“The conclusion that they have little effect on the fecal microbiome is not news – we have known this for many years,”​ he said. “We have far fewer data on the impact of probiotics on the microbiome of the small intestine and the more proximal regions of the colon – all of us working in this area recognize that feces does not represent the whole of the gut ecosystem.”

“It is, however, the best that we can get in normal healthy individuals. There are abundant studies showing a range of health benefits for probiotics and they are growing all the time,”​ he added.

Taking the report at face value

Professor Rastall argued that the Daily Beast’s reporter did not misrepresent the study, but took it at face value “and has made a huge leap from the unsurprising lack of effect on the microbiome to a supposed lack of health benefits.”

There have been many critics of how consumer media often over simplify scientific studies or paint findings in a way to appeal to viewers. This was highlighted last week by Last Week Tonight late show host John Oliver, who accused the media​ for turning scientific findings into “morning show gossip.”

The International Probiotics Association​ released the following response to the study and the following media buzz around it:

“Kristensen and co-workers investigated studies that assessed the effect of probiotics on intestinal microbiota composition; published in Genome Medicine. In their meta-analysis, the researchers conclude that probiotics do not alter the microbiota in healthy adults. The study does, however, not address the question whether probiotics have a health benefit or not.”

“Reports in the press that the study shows that probiotics do not have a health benefit are a misinterpretation of the results. Academics and medics around the world acknowledge the benefits of probiotics for both short and long term health maintenance.  Probiotics achieve such health effects via many different mechanisms of activity and not just by modulation of the gut microbiota.”

“However, it should be noted that the gut microbiota can be upset by many environmental and lifestyle factors over the course of a lifetime (e.g. poor diet, medication, old age, etc.), and these reduce its ability to help maintain health. Probiotics can help the gut microbiota to stay resilient to such disruption or help recover from disruptions”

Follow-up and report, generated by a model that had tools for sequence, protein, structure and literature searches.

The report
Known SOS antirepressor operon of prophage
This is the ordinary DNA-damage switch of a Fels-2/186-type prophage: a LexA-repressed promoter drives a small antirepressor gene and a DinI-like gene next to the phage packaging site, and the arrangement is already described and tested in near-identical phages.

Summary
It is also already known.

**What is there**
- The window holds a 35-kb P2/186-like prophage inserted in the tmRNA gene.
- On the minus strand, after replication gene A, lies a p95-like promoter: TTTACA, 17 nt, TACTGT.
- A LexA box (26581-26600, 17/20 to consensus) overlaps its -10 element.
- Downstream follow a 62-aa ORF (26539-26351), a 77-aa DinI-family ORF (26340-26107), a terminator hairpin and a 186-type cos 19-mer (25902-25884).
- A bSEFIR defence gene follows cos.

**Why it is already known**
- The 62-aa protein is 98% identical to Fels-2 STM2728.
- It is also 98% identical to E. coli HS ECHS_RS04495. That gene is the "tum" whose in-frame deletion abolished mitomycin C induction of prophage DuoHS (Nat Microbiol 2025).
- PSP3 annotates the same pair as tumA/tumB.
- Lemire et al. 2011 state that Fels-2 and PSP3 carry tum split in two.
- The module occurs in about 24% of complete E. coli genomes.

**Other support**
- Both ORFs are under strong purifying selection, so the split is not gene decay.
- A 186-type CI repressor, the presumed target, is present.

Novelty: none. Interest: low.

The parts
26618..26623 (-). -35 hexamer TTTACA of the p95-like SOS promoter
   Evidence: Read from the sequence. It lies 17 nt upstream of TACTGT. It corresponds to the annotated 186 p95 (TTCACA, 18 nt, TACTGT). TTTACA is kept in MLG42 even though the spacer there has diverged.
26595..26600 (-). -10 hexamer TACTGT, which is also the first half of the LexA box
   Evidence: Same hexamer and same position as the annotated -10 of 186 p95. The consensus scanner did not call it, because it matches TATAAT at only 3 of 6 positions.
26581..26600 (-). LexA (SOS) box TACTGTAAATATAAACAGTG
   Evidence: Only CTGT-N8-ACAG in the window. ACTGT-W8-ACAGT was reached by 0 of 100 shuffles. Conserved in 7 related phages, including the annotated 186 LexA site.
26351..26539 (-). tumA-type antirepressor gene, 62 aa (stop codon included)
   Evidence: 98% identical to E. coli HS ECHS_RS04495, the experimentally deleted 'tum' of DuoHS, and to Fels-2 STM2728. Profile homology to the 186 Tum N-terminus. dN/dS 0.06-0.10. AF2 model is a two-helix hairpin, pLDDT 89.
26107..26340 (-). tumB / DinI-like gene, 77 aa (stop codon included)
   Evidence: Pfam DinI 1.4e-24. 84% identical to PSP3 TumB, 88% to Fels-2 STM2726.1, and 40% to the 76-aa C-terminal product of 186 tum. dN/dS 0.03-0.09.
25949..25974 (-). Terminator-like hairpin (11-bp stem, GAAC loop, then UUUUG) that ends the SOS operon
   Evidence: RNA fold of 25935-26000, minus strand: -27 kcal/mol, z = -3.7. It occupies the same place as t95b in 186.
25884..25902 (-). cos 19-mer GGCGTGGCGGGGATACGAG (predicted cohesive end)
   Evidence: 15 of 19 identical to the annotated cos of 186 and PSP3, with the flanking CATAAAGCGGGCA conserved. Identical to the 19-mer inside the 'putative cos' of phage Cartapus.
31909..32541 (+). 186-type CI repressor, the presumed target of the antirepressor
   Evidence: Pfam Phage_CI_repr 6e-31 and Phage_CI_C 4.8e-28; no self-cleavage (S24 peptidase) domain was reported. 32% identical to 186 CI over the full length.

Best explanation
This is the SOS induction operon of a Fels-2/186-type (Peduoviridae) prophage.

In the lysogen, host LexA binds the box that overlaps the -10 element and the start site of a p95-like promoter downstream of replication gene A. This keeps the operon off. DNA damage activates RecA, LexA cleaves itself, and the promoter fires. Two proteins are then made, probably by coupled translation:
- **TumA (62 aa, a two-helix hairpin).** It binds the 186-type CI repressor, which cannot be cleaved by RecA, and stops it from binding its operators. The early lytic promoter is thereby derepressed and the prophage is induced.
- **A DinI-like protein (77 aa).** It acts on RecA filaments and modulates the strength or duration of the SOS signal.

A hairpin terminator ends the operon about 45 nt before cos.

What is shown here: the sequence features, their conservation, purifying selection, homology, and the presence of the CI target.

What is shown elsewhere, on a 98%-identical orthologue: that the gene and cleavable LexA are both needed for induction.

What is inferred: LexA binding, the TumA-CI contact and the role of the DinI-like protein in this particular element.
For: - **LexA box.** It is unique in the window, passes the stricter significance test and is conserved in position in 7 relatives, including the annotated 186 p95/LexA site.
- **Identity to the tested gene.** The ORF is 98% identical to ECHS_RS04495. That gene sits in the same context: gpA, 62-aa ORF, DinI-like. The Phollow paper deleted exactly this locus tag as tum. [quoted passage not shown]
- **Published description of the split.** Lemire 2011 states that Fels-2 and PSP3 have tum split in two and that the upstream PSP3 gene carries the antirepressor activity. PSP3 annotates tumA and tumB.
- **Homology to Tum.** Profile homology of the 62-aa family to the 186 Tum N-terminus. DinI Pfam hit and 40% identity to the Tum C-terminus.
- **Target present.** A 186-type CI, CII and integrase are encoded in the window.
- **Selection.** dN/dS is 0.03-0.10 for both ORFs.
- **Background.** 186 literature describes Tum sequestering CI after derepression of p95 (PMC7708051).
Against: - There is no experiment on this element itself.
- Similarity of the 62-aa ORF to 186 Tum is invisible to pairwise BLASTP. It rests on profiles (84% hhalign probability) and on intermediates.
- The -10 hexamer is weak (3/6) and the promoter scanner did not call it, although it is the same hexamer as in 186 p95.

Probiotic player Chr Hansen posted the following article about the Danish study 

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2 comments

Synbiotics that don't rehydrate in stomach acid

Posted by John Ellerman,

We have seen dramatic (albeit anecdotal) impacts on many gut problems, with a synbiotic combination of strains selected for their ability to suppress pathogens together with prebiotics that give a great boost to cell numbers. Our powder is rehydrated in water before being taken and doesn't need to suck in acid or bile. We are seeing better results with Crohn's, for example than doctors get with drugs.

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Probiotic form and format (delivery) matter...

Posted by Ted Rices,

As demonstrated over many years, the majority of traditional unprotected probiotics found in functional foods, powders and plain capsules, if still viable after months on the shelf, are killed by stomach acid and unable to survive in significant numbers to transit and/or colonize the gut to the extent that would make an impact through to the colon and feces. It is no surprise that an impact on fecal outcomes would be greatly diminished and rarely demonstrated in studies, when the probiotics consumed are not protected or delivered using some form of acid protection or controlled delivery. At least one recent study using a delivery form known as BIO-tract® DEMONSTRATED delivery as evidenced by fecal testing, in addition to the primary health benefits demonstrated by the research.